Special thanks to Gary Glen-Young, the “go to guy” when it comes to maths and fly fishing, whose synapses fire on a far higher plane than mine and who was kind enough to check , and I have to admit on occasion “correct” my woeful mathematics.

As always comments are most welcome.

 

 

 

 

What’s on your plate?

March 17, 2016

SustainableHead

Some thoughts on our responsibilities as both anglers and people in making sustainable choices.

 

I can recall fishing as a youngster in the local canal, a waterway that contained all manner of fish species. Carp, Tench, Rudd, Roach, Perch, Bream etc .There I was, rod in hand, a bait of bread paste dangling under a bright orange tipped float, waiting with “anxious anticipation” for the float to dip indicating a bite.

FishingFloatThe simple joys of fishing or eating fish are dependent upon us all
behaving in a sustainable manner.

 

A gentleman walking his dog along the side of the canal and obviously in gregarious and cheerful early morning spirit enquired “what are you fishing for? “ to which I replied, (I thought rather cleverly at the time)…..”Fish”.

Dumbass

Of course I now know that you can “predict” to a fair degree what species you catch depending on what bait, set up and location you choose. That in short, fishing, isn’t quite the lucky dip process that I thought it to be as a small child.

Many anglers can tell what fish they have on the line well before actually seeing it, the fight of a grayling and a trout are notably different, the speed of a skipjack, easily distinguishes it from the initial run of a leerfish. Odd then perhaps that although we can tell what fish we are likely to catch, before the line ever goes tight, and more so that we can tell what is on the line before we actually see it , it is a concern that most of us can’t tell what fish is on our plate.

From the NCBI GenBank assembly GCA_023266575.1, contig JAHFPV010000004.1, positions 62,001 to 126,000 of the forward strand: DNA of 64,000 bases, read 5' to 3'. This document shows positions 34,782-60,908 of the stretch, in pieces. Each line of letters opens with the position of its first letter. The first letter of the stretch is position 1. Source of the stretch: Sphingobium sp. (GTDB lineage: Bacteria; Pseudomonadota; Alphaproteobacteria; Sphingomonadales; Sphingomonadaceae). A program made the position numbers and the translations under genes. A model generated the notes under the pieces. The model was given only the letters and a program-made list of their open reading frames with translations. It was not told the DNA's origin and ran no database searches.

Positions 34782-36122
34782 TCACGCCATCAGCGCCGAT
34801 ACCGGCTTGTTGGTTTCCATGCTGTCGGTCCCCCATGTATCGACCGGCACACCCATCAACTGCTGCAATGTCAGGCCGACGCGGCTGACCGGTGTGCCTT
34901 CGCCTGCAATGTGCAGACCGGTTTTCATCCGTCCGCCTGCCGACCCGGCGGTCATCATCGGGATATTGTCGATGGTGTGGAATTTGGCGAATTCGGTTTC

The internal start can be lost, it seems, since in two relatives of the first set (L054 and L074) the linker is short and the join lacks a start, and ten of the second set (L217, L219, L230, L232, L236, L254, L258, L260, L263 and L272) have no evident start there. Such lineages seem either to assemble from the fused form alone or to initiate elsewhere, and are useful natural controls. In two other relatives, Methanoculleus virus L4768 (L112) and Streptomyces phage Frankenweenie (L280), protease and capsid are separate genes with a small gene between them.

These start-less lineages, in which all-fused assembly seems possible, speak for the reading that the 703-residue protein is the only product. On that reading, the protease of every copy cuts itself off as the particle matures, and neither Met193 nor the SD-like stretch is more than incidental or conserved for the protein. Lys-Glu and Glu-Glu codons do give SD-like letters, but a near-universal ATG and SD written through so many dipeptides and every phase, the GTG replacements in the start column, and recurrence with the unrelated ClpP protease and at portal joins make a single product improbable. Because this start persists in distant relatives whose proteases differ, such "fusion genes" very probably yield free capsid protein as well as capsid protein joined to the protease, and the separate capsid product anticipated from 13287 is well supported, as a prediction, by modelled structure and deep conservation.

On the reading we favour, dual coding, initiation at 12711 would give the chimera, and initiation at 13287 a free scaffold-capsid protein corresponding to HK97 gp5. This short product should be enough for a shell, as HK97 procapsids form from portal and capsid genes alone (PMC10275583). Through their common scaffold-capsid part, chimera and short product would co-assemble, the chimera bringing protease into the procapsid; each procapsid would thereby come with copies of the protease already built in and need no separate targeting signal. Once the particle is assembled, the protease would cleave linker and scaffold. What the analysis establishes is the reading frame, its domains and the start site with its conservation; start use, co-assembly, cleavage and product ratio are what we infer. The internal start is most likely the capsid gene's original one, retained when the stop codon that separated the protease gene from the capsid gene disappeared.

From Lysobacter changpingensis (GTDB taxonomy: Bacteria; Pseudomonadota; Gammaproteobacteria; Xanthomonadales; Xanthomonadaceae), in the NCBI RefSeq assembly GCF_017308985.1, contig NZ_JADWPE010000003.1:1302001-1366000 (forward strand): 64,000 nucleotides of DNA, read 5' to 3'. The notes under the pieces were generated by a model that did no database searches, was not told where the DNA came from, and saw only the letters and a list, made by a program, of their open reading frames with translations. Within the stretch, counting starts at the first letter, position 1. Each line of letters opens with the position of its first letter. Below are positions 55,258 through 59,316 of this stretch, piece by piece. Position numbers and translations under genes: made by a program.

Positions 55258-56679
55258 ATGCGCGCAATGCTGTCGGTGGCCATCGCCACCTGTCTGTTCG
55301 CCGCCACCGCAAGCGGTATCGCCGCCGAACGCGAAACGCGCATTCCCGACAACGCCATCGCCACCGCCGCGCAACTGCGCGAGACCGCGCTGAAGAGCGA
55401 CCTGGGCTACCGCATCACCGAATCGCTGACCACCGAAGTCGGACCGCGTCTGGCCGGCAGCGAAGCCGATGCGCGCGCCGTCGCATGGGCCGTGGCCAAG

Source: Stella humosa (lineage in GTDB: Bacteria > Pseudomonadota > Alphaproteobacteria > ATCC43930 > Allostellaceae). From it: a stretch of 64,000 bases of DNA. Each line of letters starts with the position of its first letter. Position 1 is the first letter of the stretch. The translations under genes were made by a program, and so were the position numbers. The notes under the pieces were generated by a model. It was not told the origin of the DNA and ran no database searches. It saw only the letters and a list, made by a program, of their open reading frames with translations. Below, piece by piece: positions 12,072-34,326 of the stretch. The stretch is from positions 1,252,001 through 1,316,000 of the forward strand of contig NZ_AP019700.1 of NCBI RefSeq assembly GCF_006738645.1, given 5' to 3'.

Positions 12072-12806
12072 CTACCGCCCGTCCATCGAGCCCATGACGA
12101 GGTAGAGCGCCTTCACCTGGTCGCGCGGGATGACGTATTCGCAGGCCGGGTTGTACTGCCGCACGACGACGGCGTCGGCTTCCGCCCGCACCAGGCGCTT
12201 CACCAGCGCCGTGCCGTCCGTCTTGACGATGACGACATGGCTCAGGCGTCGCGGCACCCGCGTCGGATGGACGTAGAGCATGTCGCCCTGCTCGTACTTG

Truth be told it isn’t entirely our own fault, people have been fibbing about fish for as long as they have sold them for food. Back in the day, my local fish and chip shop sold “Rock Salmon”. There is of course no such thing and Rock Salmon, turns out, actually, to be dogfish, a small shark. Vendors quickly realized that “Rock Salmon” sounds a lot more palatable than “Fried Shark”. Covered in batter and served up with a plate of chips who’s to know, or even care for that matter?

OrangeRoughyThe Orange Roughy is estimated to live for up to 150 years, it is slow growing and late to mature, discovery of this resource was almost immediately followed by over fishing and collapse of many populations.

Chilean Sea Bass, (another entirely fictional name created by the marketing department to make it sound better), turns out to be Patagonian Toothfish, whilst Orange Roughy, the poster child of unsustainable fishing practice still gets flogged off as “Deep Sea Perch”. The name carefully selected, because most of us know that you shouldn’t be eating a fish that could be 150 years old, and one that due to slow growth and breeding make it extremely vulnerable to overfishing. You might be amazed, as was I, at how many recipes there are on line for Orange Roughy. It is a bit like having recipes for poached Dodo or Grilled Galapagos Tortoise freely available, although at least in this instance people are being honest. Trouble is that many are not and what you get on your plate may very well not be what you thought it was.

So the first question then is: “Why would it matter?”. I mean if your “buttered hake starter” isn’t what it said but it tastes nice, who really cares? The answer in short is that you should care, not because of any effect on your culinary enjoyment, but because, as I was to discover as a child, a fish is not just a fish, not all fish are equal and not all methods of catching them are equal either.

In a world which desperately needs to focus more on sustainability; eating an Orange Roughy snuffs out a lifespan potentially twice as long as yours, and the breeding potential that goes with it. Eating a sardine probably doesn’t do a lot of harm.